Actually, this is a sample
4 track recording from last week of AE-237 Electronics Class using student-built
SONG: Strange & Beautiful
SONG: Save Tonight
live recording, bounced to mono consisted of the following ingedients:
Tape Stock: 3M 226 @ 15 IPS, 3dB over
250nWb/m, IEC EQ
drums (Mark): EV-635 A to Altec-1612
preamp / mixer / compressor
Vocal (Matt): EV-664 to modified
Pultec MB-1 preamp (with optical limiter) purposefully at the edge of distortion
Acoutsic Guitar (Luke):
sounding DI output through VF-13 student preamp (Matt's)
Bass (Jordan): Taken direct
through Altec 438
Week-3: Eagle-Eye Cherry
Overdubs on bounce
The Acoustic GTR was purposefully mixed low
so that a better recording could be had after the bounce
Mixing and Tape Machine Calibration
Until now, I have spared you MANY technical details,
allowing you to familiarize yourself with the machines and the process.
I hope you have enjoyed what I like to call ‘the Discipline of Analog,’
a.k.a. learning to be creative within a minimalist construct. We have not
really prepared for these sessions, but as musicians, you now know the
importance of preparation and pre-production as applied to an ensemble
So far we have learned to live with four available
tracks, embracing the commitment of bouncing all four to one in order to
create three available tracks. Now it’s time to Mix!
Here are the steps:
Demag: make sure the tape heads – and tools that
will touch the heads - have no residual magnetism.
Clean: if you want to hear treble, the heads
must be free of tape oxide that can shed onto the heads
Playback Calibration: a TEST TAPE is your friend.
It is ‘Full Track,’ recorded across the full width of the tape.
Reference level = 1kHz
Course Azimuth = 8kHz (focus for treble)
Fine Azimuth = 16kHz
The above HF can be used for Playback EQ, but 10khz
is the reference
Bias is used to minimize distortion
Input cal = adjusting the meters for an incoming signal
of known level: +4dBu = 1.22 Vrms = 0 VU.
Record Level = 1kHz
HF Record EQ = 10kHz
Low Frequency Calibration: Yes, surprise! Low Freqs
are swept from 250 down to 40 hz and the LF playback EQ is adjusted so
that the bumps and dips are about equally above and below 0VU.
Insert mix buss EQ and compress
Get ballpark settings
Use reference tones to confirm Left / Right balance.
Our first 24-itrack session was attanded
by Kevin, Mark and Matt with Chris P sitting in. The recording was
a cover version of Sly
Stone's "If you want me to Stay" that was recorded live. The
mix was very simple - not even 16 tracks were used - with Matt handling
the 2-track, chris P running the multitrack. Kevin massaged the majority
of the mix. At about halfway through, Mark and Kevin worked together.
We used Studio-3 as a live reverb chamber,
using an Aux Send to drive a powered monitor and a pair of KM-184s to capture.
We recorded these two mics to track 17 & 18, taking advantage of the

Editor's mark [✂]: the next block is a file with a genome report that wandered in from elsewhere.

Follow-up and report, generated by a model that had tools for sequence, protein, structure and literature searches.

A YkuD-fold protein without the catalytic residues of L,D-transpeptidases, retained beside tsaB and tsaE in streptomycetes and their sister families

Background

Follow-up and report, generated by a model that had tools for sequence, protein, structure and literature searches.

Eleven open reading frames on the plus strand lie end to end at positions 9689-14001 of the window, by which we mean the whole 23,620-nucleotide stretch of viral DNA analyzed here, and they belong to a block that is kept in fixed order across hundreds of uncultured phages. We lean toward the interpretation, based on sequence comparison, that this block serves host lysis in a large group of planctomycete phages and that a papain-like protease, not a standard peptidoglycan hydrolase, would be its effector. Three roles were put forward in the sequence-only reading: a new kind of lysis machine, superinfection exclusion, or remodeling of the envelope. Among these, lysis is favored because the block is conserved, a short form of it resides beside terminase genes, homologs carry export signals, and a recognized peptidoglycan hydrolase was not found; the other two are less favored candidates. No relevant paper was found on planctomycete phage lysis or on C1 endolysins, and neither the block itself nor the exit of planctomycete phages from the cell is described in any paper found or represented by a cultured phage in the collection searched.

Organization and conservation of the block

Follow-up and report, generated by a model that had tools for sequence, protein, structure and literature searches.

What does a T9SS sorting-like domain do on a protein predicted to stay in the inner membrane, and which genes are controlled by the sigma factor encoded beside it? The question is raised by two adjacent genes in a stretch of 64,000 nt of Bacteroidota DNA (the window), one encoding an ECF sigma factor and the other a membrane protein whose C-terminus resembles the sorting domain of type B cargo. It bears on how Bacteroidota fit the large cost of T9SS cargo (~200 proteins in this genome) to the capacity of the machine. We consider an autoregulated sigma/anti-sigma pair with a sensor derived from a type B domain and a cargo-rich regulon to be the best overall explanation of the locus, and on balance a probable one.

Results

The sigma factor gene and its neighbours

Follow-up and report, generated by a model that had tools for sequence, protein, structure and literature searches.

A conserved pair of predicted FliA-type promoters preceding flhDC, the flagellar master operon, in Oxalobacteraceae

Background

distance between the multitrack's record and play head to create 'pre-delay.
Week-7: Tracking Session
Trident Console with INPUT SELECT in MIC
mode. Preamp out via insert Send to Tape machine (this apprently
included the EQ in the record path, tho none was used). Tape machine
was connected to the channel strip via Insert Return. Stereo mix
was routed pre master fader via Mix Buss Insert Sent to dbx 160XT to the
Otari 2-track recording at 7 1/2 ips, 3dB over 250 nWb/m IEC EQ to unknown,
NOS 3M tape.
Talkback was via Aux send 4/5 to Furman
headphone amp to Mackie powered monitor with a ground lift.
to me, the mackie monitors are a little screechy - coudl be reflection
I think we have some vocal overdubs to
As noted below, there were 6 deliberate
rough mixes, plus 'bonus' tracks - live session stereo recordings.
Week-8: Mix Session
A very organized session with more details
to come about patching (stereo mix buss insert), mix buss compressor (dbx160XT)
and monitor EQ.
Week-9: Band Session
Everyone was a bit more preapred for Taylor's
band, early arrival was much appreciated and setup went fairly smoothly.
Communication was lacking a bit, as Taylor was holding back and the band
wasn't quite fully connecting due to monitoring issues. My original
email suggested setting up both talkback / floor monitors and then migrating
to headphones for the vocalists.
There is an overall fear of Phantom Power,
which under normal circumstances is invisible to Dynamic Mics, coil and
ribbon. You are taught to have a healthy dose of respect for Ribbon
Mics, and rightly so, as they are generally expensive and repair costs
are to be avoided. Phantom Power
Cleanup after the session went very well.
Luke started the rough mix and when I returned, Zacque assumed the position.
Zach's mix was burned to CD and then I took a crack at it. Both versions
are included here, both raw and processed, so you can gain some insights
into the power of Mastering.